Though she has been free from abuse for over five years and has since remarried to a loving, respectful man, there are still days when Heather struggles with those traumatic memories. However, she describes herself as a much stronger person now, and hopes her story will help other survivors feel empowered to leave their abusive situations, “I want them to know it’s not their fault and they can make it alone! Most people did not recognize what I was going through because I hid behind a smile. I was manipulated so badly by my ex-husband that I believed I deserved it, and I’m sure I’m not the only one who has gone through that. No one deserves it. I left everything to get away, started over and rebuilt my life. I am living proof that you can get out and make it on your own.”

Thank you so much to Heather for sharing her experience with us and giving us permission to publish it here. If you or someone you know is experiencing abuse, please call or chat with us today. Whether you are feeling strong enough to leave or want to explore how to stay safer in your relationship, our trained advocates are here 24/7/365 to provide support, guidance, and local resources.

Give a survivor a chance at life free from abuse today by donating to The Hotline.

Comment section

8 replies
  1. Oh Heather, God bless you, and thank you for sharing your story. Girls need to understand that that first hit is when they need to say Goodbye!

    I was in a battering relationship 40 years ago. It was a very dark time and I couldn’t see an end. I was in the hospital for some injuries I received and I decided to leave my husband. It wasn’t easy but I got a divorce, went to college, met and married a wonderful man.

    It will take time bit eventually the flashbacks will stop happening as often. Hang in there you’re amazing!

  2. I’m a survivor of abuse, I’ve found comfort in believing that I needed to experience that so I might be able to help others,and ensure my children don’t abuse or accept abuse in their life. I searched for a place to post on here but couldn’t find where. I’m sorry you experienced what you did,but thankfully your safe now. I love reading poems,and write poetry, it helped me deal with the abuse. I couldn’t find much on subject.so I started writing more in different view points of abuse,and any and all can be used for fundraiser or pamplet , to help people experiencing abuse. They can be found on Facebook page searching… dealing with life crisis.. hopefully one will be read at the right time to open someones eyes and they seek help. Be strong, and safe,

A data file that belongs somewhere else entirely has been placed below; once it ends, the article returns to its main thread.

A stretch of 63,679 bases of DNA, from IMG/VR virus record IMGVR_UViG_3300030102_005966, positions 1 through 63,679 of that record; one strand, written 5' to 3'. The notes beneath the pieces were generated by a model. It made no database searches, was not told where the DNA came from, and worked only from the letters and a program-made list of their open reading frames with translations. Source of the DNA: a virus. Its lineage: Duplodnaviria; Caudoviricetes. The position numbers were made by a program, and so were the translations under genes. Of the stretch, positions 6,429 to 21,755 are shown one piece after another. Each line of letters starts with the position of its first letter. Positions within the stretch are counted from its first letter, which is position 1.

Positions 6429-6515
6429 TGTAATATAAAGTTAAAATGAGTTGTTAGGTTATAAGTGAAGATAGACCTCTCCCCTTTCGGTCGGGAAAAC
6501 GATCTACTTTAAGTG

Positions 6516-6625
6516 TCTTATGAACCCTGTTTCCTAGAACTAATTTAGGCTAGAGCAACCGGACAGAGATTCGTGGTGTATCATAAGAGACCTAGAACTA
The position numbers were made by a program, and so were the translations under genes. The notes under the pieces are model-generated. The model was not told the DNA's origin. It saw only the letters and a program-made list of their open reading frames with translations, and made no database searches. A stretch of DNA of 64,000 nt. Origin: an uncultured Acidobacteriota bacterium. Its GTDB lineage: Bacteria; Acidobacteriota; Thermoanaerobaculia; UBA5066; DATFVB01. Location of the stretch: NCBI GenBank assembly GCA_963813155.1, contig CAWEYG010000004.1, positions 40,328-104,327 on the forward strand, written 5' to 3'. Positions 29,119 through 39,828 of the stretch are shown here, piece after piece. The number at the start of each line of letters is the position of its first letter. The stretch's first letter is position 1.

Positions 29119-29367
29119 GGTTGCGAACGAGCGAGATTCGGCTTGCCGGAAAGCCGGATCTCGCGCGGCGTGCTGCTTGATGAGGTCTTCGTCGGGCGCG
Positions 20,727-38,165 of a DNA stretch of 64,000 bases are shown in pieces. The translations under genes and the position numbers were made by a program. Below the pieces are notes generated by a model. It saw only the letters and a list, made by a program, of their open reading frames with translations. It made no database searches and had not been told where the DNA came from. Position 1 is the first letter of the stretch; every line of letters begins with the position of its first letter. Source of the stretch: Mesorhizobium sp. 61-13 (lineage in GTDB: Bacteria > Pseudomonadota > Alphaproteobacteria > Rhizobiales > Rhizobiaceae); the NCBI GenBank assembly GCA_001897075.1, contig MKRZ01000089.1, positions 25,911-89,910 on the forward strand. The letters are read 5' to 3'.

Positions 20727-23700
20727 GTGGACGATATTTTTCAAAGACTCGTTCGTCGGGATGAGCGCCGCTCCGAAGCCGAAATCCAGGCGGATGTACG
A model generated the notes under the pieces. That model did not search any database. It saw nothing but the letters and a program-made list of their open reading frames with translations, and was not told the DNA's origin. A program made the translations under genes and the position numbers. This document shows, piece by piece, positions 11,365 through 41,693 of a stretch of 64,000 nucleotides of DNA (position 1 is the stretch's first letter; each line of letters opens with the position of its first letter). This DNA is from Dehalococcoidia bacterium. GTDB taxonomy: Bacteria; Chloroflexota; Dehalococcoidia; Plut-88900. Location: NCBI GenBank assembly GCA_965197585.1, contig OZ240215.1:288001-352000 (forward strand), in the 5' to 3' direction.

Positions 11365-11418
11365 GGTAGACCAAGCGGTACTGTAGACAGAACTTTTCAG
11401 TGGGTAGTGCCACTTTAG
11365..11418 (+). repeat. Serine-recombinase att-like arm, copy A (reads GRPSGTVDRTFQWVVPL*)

3. WOW! Thank you so much for having the courage to share your story! You are such a strong woman for not only taking the first steps of getting help, but then actually doing so & then sharing your horrifying story for others who need to hear that ‘IT CAN BE DONE!’ My thoughts are with you, your daughter & your new husband! I am so Happy you found peace & happiness for you both!

  4. I too am a domestic abuse survivor. It happened over 25 years ago, yet sometimes it seems like it was just yesterday. I met my ex- boyfriend and fell hopelessly in love. For the first few years it was great. I had a small Daughter from previous marriage. Gradually he began to show his terrible temper, only periodically at first. He smashed furniture and was psychologically abusive first. Yelled alot, wouldn’t allow my Daughter out of her room. Started telling me it was my fault and that no other man would ever want me. He told me he was only one that could love me. I started to believe it. Eventually my Daughter went to live with her Father. My heart ached every day, but I knew she was better off with her Father. With my Daughter out of my life the abuse worsened. He started with isolation. Told me I didn’t NEED to work, he wanted me to stay at home. I did. Depression started setting in. I had no friends and talked very little to family. I was always close with family until then. I stopped leaving house altogether, except with him. Sat in house all day with drapes and blinds closed. Wouldn’t even get mail. Then one day he started the physical abuse. Always apologising afterward. It became more and more frequent and more violent as time went on. After13 years, and while he was driving car, one night He kept hitting me in face until I blacked out,( more than once). He even pulled off side road to REALLY let me have it. I came to just as he was pulling into driveway. He grabbed my purse and told me to get in the house. I took my sweet time getting out of car. By the time I got to drivers side of car, he was in house and in the bathroom at end of hall. Something told me if I went inside that house I wouldn’t be coming back out alive. I had my set of car keys in pocket, so I got in and drove away, to a mutual friends house. I had 2 Purple eyes for over 2 weeks. The day after, while he was at work, I removed my personal items and moved out.( with help of same mutual friend and his wife. I was always afraid he’d show up somewhere and hurt me again. It took many years to get over that fear. Now I’m a strong willed woman who never lets men get the upper hand. My opinion matters and I am a special human being.